The drawings show the motorcycle cooler on the left side of the bike between the cylinder assemblies 26 and 30. It is equally usable, and preferred on some makes and models of bikes, to simply move the motorcycle cooler to the right side of the bike, keeping the port 20 facing towards the front of the boke.
Motorcycle V-twin air cooled engines rely on a flow of air over an engine with fins. The fins receive fresh air and cool the motorcycle engine at a good temperature when riding at normal speed on the road. Summer time when temperature get very hot especially in Florida driving in city traffic and highway is very difficult when normal speed is not reach. The engine temperature gets high with very low air flow. The motorcycle engine can run too hot and the drivers' legs receive the extreme heat caused by the engine.
The engine runs at a good temperature generally between about 200 degrees Fahrenheit (F) and about 250 F. When engine temperatures get over about 250 F, typically risked at idle, the oil pressures drops almost to zero and may cause some mechanical problems due to the overheating. Problems can include low mileage fuel efficiency and cause more maintenance from increased engine wear.
Some prior art uses a pushing fan to cool the motorcycle engine but this can create another problem: the fan can push the air flow through the engine making the air flow very hot and directed at the riders right leg causing discomfort at best and severe burns likely because the air can rise to between about 250 F to 400 F or more.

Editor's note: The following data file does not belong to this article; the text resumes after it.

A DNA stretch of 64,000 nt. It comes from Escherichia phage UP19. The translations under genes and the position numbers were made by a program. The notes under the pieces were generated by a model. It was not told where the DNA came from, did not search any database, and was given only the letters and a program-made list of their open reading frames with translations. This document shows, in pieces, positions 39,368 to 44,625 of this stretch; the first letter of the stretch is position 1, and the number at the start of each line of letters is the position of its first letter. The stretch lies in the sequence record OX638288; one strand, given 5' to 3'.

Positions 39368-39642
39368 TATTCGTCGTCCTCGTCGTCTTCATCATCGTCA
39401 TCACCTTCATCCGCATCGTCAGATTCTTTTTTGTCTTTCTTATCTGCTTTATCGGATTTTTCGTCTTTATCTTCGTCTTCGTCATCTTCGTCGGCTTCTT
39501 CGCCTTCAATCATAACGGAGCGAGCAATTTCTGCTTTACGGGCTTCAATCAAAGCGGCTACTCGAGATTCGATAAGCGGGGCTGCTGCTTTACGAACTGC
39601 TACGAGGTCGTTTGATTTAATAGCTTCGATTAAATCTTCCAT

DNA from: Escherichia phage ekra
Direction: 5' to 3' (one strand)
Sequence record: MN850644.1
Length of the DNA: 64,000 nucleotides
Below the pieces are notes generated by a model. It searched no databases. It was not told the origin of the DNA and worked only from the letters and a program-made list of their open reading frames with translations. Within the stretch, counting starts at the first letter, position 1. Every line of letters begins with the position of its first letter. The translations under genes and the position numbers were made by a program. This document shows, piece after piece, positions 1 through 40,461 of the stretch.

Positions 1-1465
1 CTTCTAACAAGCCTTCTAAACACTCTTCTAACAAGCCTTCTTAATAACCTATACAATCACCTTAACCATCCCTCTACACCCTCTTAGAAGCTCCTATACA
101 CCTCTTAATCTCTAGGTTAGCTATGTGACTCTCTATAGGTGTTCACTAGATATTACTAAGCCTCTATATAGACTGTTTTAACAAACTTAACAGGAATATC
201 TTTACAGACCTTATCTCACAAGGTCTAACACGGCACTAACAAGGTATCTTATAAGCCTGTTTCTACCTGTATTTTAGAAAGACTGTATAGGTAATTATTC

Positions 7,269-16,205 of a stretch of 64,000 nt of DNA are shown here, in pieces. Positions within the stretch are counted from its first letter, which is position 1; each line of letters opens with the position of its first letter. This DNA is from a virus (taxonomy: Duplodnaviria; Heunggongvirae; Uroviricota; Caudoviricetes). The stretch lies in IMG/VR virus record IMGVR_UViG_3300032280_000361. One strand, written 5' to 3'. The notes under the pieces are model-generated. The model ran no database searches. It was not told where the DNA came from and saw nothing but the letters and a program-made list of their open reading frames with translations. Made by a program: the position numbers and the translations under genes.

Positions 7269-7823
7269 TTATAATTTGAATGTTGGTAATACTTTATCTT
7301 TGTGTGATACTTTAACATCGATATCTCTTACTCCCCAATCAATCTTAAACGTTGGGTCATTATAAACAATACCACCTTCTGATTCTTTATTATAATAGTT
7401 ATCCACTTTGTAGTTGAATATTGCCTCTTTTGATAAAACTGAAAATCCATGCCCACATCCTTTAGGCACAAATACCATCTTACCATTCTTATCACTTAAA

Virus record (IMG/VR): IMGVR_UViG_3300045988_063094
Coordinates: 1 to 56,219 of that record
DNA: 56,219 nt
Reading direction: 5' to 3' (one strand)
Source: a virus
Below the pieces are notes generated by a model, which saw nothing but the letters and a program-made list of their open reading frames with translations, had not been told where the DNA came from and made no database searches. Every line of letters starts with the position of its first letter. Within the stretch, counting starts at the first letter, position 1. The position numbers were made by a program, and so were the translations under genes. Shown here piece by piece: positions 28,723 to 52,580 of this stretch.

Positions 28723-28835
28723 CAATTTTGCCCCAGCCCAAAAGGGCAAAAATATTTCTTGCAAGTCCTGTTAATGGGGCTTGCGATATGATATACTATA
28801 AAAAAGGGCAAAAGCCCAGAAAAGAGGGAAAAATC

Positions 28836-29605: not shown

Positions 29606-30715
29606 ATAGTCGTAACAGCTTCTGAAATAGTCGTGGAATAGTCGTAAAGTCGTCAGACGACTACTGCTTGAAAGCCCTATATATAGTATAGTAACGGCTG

In the prior art there is no solution for both problems: cooling the engine and keeping the heat away from the rider's right leg. This invention allows the engine to get fresh air flow using one electrical pulling fan to cool the motorcycle engine by capturing and redirecting the air flow away from the right leg by using a fan and ducted cover. With this system, the motorcycle driver can now be very comfortable. The motorcycle engine at idle remains at a good temperature and it will not cause any damage or significant engine friction wear to the motorcycle engine. The engine will require less maintenance, will provide longer motorcycle engine life time (in mileage) and most importantly it will avoid overheating the driver's right leg while protecting the right leg from the heated air and making the drive in the city and the highway very pleasant and comfortable.
This invention allows the engine to get fresh air flow using one electrical pulling fan to cool the motorcycle engine and redirect the air flow away from the right leg using a special redirect (ducting) fan cover.